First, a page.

What's your gaming pet hate?

We ask the world's angriest games writers to shame the elements of modern games they despise

I’ll tell you the trend that annoys me the most about modern gaming, and that’s current-generation graphics. Not that they’re bad. On the contrary, they’re fantastically realistic, and that’s the problem, because realism is not fun. The real world is dull, depressing and cruel, a place where most people will spend most of their lives toiling away at jobs they hate before a frustrated co-worker breaks off a drill bit in their eye. Games are supposed to take you away from that.

Ten-odd years ago we had Carmageddon. Get in your brightly-colored spiky death car made from blocky polygons and plough through sprite pedestrians whose every bodily organ flies off in a different direction with even the gentlest of bumps. And it was ****ing awesome. Compare that with GTAIV, where my jaded protagonist with realistic facial expressions wanders through a desaturated brown haze before stealing a dented sedan with dodgy acceleration and running over an old lady. Thud! She rolls off the bonnet in a perfect simulation of real-world physics and is deposited in a screaming pile of broken hips and mint imperials. That’s not fun. Now I just feel bad.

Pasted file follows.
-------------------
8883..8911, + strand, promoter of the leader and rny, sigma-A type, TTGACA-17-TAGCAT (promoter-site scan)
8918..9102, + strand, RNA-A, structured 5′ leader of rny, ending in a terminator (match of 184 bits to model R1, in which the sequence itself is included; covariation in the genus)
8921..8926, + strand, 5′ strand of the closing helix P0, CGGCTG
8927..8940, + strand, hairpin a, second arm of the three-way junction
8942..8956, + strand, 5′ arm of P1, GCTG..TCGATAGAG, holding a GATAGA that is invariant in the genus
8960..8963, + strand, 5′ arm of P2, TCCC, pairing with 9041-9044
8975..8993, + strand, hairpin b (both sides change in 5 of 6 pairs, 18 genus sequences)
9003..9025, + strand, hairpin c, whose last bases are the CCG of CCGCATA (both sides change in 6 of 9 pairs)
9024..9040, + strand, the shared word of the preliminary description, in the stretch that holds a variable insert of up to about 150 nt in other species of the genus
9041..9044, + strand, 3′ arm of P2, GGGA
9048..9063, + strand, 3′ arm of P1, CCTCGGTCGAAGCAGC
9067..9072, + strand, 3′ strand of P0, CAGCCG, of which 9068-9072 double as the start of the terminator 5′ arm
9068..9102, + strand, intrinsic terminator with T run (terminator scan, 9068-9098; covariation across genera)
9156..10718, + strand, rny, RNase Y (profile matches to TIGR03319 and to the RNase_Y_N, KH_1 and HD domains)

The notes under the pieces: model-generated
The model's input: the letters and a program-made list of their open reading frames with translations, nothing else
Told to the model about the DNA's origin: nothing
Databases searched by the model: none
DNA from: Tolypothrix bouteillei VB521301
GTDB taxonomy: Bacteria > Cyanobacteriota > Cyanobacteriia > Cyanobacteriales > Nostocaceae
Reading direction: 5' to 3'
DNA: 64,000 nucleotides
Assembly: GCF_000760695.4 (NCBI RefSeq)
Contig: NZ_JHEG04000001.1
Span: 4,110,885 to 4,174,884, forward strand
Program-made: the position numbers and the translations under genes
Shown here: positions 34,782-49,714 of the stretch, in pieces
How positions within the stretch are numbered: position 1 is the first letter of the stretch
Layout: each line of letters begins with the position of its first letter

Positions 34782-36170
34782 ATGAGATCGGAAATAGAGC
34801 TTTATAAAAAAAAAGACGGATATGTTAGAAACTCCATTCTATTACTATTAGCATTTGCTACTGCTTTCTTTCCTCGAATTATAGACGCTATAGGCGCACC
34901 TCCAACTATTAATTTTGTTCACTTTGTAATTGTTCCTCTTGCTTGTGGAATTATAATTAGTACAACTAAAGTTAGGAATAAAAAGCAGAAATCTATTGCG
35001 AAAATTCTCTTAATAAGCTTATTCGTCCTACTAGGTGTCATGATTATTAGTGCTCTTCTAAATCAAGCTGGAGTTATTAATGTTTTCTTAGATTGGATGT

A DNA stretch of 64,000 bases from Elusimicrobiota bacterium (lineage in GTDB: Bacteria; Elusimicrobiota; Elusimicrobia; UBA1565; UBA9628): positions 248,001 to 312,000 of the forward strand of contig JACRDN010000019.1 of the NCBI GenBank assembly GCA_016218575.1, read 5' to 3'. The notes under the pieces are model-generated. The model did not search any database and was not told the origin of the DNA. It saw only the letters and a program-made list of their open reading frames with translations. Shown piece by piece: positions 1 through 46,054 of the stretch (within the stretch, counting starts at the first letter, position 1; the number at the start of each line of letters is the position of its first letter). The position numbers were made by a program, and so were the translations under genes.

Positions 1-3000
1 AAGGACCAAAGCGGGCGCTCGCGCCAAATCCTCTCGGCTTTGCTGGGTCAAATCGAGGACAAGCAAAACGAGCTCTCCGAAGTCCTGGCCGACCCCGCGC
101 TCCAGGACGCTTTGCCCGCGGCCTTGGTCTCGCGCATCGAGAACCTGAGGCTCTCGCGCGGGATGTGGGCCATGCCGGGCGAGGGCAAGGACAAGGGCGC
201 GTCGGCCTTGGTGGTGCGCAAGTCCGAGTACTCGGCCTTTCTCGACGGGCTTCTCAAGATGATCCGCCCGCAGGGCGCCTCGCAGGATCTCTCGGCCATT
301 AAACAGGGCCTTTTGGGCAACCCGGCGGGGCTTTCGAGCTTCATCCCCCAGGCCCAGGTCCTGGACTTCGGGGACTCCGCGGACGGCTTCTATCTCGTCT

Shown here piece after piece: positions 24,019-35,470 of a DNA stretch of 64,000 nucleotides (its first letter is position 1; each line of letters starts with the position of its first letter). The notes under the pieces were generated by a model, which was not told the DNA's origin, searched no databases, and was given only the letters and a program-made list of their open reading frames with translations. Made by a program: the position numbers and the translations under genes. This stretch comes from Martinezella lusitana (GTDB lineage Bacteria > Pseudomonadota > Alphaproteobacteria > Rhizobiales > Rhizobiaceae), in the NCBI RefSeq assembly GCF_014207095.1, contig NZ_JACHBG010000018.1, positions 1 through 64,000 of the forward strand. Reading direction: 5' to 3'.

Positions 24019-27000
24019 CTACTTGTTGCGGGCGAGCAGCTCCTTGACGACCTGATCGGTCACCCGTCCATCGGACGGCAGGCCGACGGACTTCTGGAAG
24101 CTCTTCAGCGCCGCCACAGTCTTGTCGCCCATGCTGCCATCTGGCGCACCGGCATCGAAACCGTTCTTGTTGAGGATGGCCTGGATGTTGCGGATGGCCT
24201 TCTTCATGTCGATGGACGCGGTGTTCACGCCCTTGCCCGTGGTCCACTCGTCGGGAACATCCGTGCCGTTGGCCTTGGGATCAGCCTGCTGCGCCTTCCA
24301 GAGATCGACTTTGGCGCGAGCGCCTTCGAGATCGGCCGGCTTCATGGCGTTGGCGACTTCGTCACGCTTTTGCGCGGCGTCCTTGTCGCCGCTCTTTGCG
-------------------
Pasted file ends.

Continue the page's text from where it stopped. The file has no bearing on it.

There’s always an obligation to exploit the newest hardware and create the most realistic graphics possible, which in turn creates the obligation to have realistic games, especially with shooters. Remember back in the Duke Nukem 3D days when violence could still be colorful and light-hearted? It’s all Quake’s fault for starting the trend of everything looking like it’s made out of concrete and mud. The only modern shooter I can think of that’s remotely cheerful is the peerless Team Fortress 2, but it’s surrounded by visually boring grit-a-thons about soldiers who resemble breeze blocks and are about half as emotional. To summarize in a wrenchingly awful ’70s jive kind of way, I’d like a bit more clowning and a bit less browning.

Ben ‘Yahtzee’ Croshaw is behind weekly internet video series Zero Punctuation.

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